Commissioners indicate preference to keep current air service

Kevin Wilson

Clovis city commissioners indicated a preference to keep the city’s current airline carrier during their regular meeting Thursday night.

There was little discussion on most items, including a recommendation to stay with Great Lakes Airlines at the Clovis Municipal Airport, in a 50-minute meeting.

Great Lakes, which has served Clovis since 2006, submitted a proposal for 12 round trips per week, either nonstop to Albuquerque or to Denver, with a stop at either Santa Fe or Pueblo, Colo., through a federal Essential Air Service subsidy of $1.59 million. The city currently uses the plan for flights to Albuquerque, but can opt for Denver during the service period.

The U.S. Department of Transportation, which is accepting comments through Tuesday, will make the final ruling.

Near the conclusion of the meeting, the commission held a hearing for the transfer of a liquor license from the Allsup’s convenience store on 2021 Prince St., to the remodeled store — also on 2021 Prince St.

The previous building was torn down and is being replaced with another to open in March, more than double the original building’s size and further east on the lot at the intersection of 21st and Prince streets.

Commissioner Fred Van Soelen said he was surprised such a hearing was even necessary, since the building was the only component that changed.

City Attorney David Richards said it was rare to transfer a license inside the same lot without an ownership change, but was necessary because the company’s original liquor license was based on the physical footprint of the building and not the street address.

No citizens spoke during the hearing, and the transfer passed unanimously.

In other business:

• The commission approved modification of a lease agreement between the city and The Old Lyceum Theatre, Inc. The agreement was last executed in 1999. The new agreement calls for the group to pay $600 annually to the city and for the city to pay reasonable and necessary utility costs, and requires an annual report from the group.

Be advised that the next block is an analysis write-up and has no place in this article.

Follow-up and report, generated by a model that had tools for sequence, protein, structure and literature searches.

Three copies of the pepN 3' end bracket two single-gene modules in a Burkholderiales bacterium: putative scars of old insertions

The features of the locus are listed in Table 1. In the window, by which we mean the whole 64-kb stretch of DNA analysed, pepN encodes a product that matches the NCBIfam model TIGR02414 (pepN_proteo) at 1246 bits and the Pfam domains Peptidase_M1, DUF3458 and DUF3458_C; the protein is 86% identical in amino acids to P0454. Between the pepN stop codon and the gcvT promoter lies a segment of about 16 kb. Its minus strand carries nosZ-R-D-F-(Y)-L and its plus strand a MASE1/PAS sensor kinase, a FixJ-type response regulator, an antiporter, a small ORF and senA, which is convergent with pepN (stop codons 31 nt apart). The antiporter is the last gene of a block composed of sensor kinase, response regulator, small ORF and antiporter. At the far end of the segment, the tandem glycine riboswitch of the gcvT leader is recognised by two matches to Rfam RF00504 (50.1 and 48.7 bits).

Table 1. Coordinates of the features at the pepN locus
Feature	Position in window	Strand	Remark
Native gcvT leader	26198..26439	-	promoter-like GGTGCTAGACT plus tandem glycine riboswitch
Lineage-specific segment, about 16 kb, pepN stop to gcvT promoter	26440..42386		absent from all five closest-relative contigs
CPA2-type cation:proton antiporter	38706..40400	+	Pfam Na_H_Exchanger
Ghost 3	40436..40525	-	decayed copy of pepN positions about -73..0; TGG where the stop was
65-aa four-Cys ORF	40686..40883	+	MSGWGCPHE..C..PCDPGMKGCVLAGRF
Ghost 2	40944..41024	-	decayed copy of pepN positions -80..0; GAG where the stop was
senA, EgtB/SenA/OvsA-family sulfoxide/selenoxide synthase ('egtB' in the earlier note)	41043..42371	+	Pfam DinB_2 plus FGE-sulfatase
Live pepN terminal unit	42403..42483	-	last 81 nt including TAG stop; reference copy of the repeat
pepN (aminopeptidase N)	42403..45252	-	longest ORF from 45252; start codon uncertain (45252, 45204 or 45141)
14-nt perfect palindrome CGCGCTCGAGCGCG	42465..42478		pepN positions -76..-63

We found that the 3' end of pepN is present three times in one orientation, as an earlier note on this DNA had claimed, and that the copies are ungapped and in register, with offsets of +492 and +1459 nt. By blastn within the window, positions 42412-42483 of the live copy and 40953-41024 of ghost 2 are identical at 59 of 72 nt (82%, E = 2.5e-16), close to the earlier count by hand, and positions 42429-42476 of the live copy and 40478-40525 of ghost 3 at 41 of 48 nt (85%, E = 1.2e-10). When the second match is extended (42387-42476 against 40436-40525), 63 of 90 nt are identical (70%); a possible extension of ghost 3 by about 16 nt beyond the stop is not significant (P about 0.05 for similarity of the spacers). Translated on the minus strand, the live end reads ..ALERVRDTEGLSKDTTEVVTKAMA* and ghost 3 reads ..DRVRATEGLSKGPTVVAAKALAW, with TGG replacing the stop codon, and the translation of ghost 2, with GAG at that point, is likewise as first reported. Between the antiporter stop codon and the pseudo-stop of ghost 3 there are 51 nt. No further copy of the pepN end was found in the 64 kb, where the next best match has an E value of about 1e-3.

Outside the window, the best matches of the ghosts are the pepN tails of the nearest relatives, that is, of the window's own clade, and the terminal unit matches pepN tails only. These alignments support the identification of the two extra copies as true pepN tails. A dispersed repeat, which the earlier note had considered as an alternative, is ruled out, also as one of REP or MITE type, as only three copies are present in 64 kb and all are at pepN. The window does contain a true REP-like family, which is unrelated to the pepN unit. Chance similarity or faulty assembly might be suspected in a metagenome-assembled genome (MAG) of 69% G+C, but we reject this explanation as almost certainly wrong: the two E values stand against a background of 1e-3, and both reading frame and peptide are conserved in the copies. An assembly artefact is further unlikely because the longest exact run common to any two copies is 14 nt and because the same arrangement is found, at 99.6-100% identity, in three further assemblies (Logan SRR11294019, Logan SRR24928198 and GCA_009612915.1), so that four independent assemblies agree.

• Commissioners OK’d installation of an artificial surface at Dickenson Field. The move, which would be paid for through donations and grants, would save the city money on maintenance. Doug Bowman of the Clovis American Little League said the board is setting aside money every year for when the turf would need replacement about 15 years down the road.

Clovis is hosting the state Major League Little League Tournament this summer.

• An ordinance was approved to add dumping excess water onto roadways to the “public nuisance” category. City Engineer Justin Howalt said the change was meant to address a handful of businesses dumping water on the city’s most used roads during inclement weather, and would not apply to residential streets.

• Certificates were given to Farmers Electric, Xcel Energy, New Mexico American Water Company and the Clovis Public Works Department for their roles in helping residents during harsh winter weather earlier in the month.

“We had our problems, but we had relatively few problems” compared to other New Mexico cities, Mayor Gayla Brumfield said. “I think that was due to the hard work and dedications of our utility employees and the public works department.”

• Commissioners appointed Debbie Abrego and Dick Ross to the Clovis/Curry County Local Emergency Planning Committee’s Executive Council, and retained Dennis Rogers and Rudy Garcia on the Public Works Committee.

Three applied for the public works positions and seven for the LEPC council.

“This is normally not difficult,” Commissioner Randy Crowder said, “and I struggle (tonight) because everybody is so well qualified.”

• Brumfield said the State of the City address is tentatively scheduled for the first week of March.